»

A Primer on Protocol Buffers

If you do a lot of work on the web, you’ll find yourself working with serialization protocols like JSON and XML. I’d like to present another serialization protocol that I’ve found to be quite useful: Protocol Buffers. If JSON and XML are working just fine for you, there are some reasons why you should consider adopting Protocol Buffers for your next project. Besides being the lingua franca for data exchange within Google, Protocol Buffers offer:

  • Compact binary serialization
  • 20 - 100 times better serialization performance than XML
  • 3 - 10 times more compact
  • Messages defined with a formal grammar
  • Strict typing for safe data exchange

Other binary serialization protocols such as Thrift share many of these properties. My use of protobuf over something like Thrift has come from finding more complete and maintained implementations in the languages I work with (namely: Go and Ruby).

Defining a Message

One of the benefits of Protocol Buffers over JSON is Protocol Buffers requires a messaging contract to be formally specified using .proto files. An example .proto file might look something like this:

package messages;

message User {
  required string first_name = 1;
  required string last_name = 2;
  optional int64 post_count = 3;
}

By using a grammar defined schema, we already realize many benefits over something like JSON: without writing any API documentation we know know field names, which parameters are required or optional, as well as what data types we can expect back when interacting with user message types.

Once we have our .proto file, we can compile it into our target language. This will give us programmatically generated objects that we can serialize and deserialize within our code. In this example, I’m using Ruby as my target language.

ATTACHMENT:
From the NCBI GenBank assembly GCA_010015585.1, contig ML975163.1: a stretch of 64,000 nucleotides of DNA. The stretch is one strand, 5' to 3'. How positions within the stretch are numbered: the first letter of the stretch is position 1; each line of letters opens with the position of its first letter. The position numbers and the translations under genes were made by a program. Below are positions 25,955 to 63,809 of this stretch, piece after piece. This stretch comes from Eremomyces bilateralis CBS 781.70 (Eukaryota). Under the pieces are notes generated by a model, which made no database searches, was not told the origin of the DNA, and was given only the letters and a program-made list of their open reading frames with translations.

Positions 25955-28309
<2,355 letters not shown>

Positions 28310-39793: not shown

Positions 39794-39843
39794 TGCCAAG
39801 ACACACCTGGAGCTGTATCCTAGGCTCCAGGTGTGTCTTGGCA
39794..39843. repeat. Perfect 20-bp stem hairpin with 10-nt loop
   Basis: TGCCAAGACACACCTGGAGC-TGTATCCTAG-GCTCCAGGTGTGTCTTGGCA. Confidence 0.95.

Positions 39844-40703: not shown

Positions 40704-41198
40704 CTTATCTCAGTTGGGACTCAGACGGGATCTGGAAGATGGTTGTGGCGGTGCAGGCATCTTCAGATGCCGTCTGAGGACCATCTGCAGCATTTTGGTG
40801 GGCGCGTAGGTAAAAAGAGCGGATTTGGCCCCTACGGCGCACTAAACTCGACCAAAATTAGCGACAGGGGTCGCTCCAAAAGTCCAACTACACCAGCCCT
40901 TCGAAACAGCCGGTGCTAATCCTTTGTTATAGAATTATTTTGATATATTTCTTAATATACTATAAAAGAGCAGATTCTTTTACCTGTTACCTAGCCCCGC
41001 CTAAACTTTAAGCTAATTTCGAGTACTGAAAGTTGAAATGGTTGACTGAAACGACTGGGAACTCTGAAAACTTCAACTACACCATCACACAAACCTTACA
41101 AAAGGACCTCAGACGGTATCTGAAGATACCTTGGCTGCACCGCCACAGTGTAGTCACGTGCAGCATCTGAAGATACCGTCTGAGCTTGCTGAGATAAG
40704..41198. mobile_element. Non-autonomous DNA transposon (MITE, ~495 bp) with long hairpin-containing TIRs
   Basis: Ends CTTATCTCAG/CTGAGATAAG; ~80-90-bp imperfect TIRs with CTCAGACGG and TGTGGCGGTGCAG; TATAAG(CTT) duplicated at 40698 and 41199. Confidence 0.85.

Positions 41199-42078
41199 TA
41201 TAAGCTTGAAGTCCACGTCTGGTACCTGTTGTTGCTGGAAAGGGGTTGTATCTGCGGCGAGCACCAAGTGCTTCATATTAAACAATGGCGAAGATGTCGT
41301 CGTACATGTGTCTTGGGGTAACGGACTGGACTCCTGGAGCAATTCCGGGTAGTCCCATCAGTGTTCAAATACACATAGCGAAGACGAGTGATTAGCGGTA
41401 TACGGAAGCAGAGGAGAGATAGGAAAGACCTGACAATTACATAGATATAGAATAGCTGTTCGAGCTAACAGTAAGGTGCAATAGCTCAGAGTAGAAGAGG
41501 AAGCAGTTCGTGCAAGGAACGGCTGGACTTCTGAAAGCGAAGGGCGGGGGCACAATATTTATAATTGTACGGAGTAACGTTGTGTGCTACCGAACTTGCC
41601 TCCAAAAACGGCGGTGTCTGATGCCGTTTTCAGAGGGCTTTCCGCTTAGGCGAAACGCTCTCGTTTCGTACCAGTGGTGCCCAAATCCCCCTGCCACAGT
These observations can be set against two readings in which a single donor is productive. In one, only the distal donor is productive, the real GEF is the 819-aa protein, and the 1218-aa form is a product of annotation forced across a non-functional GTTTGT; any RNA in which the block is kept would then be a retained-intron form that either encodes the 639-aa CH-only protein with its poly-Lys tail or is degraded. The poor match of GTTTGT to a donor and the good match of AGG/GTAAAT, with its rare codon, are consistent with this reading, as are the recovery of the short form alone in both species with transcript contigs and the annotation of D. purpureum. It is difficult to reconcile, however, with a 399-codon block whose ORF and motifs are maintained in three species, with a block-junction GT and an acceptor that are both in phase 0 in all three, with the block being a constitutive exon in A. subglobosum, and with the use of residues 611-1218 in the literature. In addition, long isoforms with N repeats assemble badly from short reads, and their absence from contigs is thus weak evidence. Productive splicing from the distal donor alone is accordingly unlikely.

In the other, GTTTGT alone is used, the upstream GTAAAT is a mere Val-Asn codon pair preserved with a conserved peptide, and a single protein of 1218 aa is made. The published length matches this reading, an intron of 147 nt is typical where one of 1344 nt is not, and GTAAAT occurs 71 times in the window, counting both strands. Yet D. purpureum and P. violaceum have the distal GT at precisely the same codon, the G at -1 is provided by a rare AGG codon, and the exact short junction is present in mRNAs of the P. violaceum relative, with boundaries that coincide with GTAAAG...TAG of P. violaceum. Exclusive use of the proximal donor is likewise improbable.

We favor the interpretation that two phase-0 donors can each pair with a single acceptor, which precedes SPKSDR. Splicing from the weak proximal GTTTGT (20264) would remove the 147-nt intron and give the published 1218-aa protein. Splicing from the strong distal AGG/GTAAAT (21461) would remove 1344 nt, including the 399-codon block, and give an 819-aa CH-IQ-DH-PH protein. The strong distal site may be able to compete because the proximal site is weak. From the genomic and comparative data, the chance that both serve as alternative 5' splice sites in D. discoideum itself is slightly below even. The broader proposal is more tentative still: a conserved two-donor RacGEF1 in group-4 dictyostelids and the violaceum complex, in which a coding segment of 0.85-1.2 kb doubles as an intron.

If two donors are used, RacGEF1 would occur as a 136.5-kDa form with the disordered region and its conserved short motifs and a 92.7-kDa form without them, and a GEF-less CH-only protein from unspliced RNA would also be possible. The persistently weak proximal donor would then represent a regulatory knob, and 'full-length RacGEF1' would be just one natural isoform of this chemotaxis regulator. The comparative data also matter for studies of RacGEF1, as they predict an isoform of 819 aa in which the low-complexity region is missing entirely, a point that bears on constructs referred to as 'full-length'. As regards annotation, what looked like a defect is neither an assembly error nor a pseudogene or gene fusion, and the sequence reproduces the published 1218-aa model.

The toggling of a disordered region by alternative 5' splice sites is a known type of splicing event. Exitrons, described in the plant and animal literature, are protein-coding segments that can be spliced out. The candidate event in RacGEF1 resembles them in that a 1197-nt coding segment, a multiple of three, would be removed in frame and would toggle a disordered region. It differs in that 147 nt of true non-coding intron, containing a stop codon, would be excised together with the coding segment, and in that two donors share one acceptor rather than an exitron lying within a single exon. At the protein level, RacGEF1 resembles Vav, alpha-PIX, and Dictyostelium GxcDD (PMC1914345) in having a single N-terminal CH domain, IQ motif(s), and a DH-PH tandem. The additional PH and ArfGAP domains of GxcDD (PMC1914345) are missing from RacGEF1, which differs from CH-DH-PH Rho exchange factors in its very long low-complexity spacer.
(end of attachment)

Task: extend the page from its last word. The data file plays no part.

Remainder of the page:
$ rprotoc messages.proto
./messages.pb.rb writing...

This example compiles a Ruby class that I can then require directly:

1.9.3-p194 :001 > require './messages.pb'
 => true 
1.9.3-p194 :002 > joe = Messages::User.new
1.9.3-p194 :003 > joe.first_name = "joe"
=> "joe"
1.9.3-p194 :003 > joe.last_name = "developer"
=> "developer"
1.9.3-p194 :004 > serialized = joe.serialize_to_string
 => "\n\x03joe\x12\tdeveloper\x18\x03"
1.9.3-p194 :05 > unserialized = Messages::User.new
 => first_name: nil
last_name: nil

1.9.3-p194 :06 > unserialized.parse_from_string(serialized)
 => first_name: "joe"
last_name: "developer"
post_count: 3

What happens when we try to use a type that has missing required fields?

1.9.3-p194 :021 > user = Messages::User.new
 => first_name: nil
last_name: nil
 
1.9.3-p194 :022 > user.serialize_to_string
Protobuf::NotInitializedError: Protobuf::NotInitializedError
...

As you can see, Protocol Buffers prohibits serializing and deserializing an object that is missing its required fields.

Assuming we provide all the required fields for our message type, we get bytes that can be sent across the wire to another consumer. How does another party know how to deserialize the bytes? Just share the .proto schema, and recompile in the consumers target language. No bloated WSDLs or silly JSON schemas anywhere in sight.

Here’s an example of a Ruby client that’s consuming a User type from a Go based HTTP service. Both consumer and producer share the same .proto schema for data interchange. Once again, here’s our User message, this time with a self-referential User type included as a friends list:

message User {
  required first_name string = 1;
  required last_name string = 2;
  optional post_count int64 = 3;
  
  repeated friends User = 4;
}

The first step is compiling our .proto schema to a native Go object:

protoc --go_out=. messages.proto

Next, we import the message and send the actual message via HTTP:

package main

import (
	"code.google.com/p/goprotobuf/proto"
	"log"
	"./messages"
	"net/http"
)

func userShow(w http.ResponseWriter, r *http.Request) {
	bob := &messages.User{
		FirstName: proto.String("Bob"),
		LastName: proto.String("Dole"),
		PostCount: proto.Int64(10),
	}